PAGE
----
Meghna Gulzar’s heartbreaking film centers on 19-year-old Malti (Deepika Padukone) in the aftermath of an acid attack as she deals with legal and personal ramifications of the trauma. Told with grit and grace, this shocking true story follows Malti on her road to recovery. (BKP: 4/5)
Review by Vice President and Managing Editor Brigid K. Presecky
Setting the tone for the film, Gulzar opens Chhapaak with recreated 2012 protests of the Delhi gang-rape case – and Malti (based on real-life survivor Laxmi Aggarwal), the victim of a brutal acid attack. This particular hate crime strips away Malti’s facial features, a shocking visual for both the viewer and the protagonist herself. Portrayed by Deepika Padukone, we experience the traumatic aftermath of the attack along with Malti as she sees herself in the mirror for the first time, evoking an understandable blood-curdling scream.
Chhapaak follows the teenager dealing with physical and emotional scars, a universal story sequestered in an indie film. For a 19-year-old girl with a bright future, one single event forces her into a life of activism for acid attack victims, legal battles in court and continuous surgeries for her facial deformities.
Although the film could have benefitted from leaning on her familial relationships more, rather than the journalists and lawyers and a slow second half, the overall message of strength and resilience outweighs anything that doesn’t work for it. It is a testament to Gulzar’s character to want to tell this story – one that people should know.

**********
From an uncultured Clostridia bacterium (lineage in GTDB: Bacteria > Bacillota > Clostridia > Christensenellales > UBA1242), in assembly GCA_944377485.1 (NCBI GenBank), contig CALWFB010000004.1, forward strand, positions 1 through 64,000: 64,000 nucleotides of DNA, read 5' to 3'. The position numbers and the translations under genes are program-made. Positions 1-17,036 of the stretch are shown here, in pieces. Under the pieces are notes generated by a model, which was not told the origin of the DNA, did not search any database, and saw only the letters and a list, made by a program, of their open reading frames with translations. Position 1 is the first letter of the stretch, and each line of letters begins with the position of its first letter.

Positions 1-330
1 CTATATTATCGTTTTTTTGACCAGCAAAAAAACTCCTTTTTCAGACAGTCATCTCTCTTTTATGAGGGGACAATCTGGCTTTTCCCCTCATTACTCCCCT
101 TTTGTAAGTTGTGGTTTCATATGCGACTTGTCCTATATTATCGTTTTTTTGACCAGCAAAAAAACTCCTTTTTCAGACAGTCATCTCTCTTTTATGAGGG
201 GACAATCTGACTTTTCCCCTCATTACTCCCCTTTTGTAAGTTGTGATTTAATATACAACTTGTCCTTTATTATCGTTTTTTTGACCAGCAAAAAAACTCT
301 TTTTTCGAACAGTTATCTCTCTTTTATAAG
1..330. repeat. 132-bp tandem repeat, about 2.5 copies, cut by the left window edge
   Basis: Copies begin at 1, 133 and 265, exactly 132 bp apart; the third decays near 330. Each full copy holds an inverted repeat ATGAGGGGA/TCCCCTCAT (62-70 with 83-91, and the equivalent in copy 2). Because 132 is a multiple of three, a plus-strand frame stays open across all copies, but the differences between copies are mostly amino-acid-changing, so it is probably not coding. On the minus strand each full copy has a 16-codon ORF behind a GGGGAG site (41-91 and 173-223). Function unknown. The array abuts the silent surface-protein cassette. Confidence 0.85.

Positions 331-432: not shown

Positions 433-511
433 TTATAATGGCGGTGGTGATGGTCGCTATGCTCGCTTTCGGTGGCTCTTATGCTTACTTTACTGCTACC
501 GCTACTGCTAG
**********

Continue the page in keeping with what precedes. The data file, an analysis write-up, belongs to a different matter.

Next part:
Deepika Padukone in this leading role is strikingly poignant, trading in any movie glamour for hauntingly real prosthetics. She carries off what I assume was a monumental task on all fronts, having all her emotions conveyed through her eyes – and under prosthetic makeup. She has to experience the highs and lows of the human spirit in not only her home, but hospitals and courts. Wherever Padukone is placed, she delivers – much like Jake Gyllenhaal in the 2017 American film Stronger (one which the Academy of Motion Pictures Arts and Sciences grossly overlooked Gyllenhaal for his portrayal of Boston Marathon Bombing victim Jeff Bauman).
Both Stronger and Chhapaak detail the things we take for granted (trying to stand, or in Malti’s case, trying to put on an earring), and the obstacles human beings are capable of overcoming. Both are true stories aimed to inspire rather than be vindictive of the people who’ve wronged them. And both accomplish what they set out to do – highlight the human spirit.
© Brigid K. Presecky (1/10/20) FF2 Media
Photo credits: FOX STAR STUDIOS
Yes! Malti has scenes with her family and a female journalist.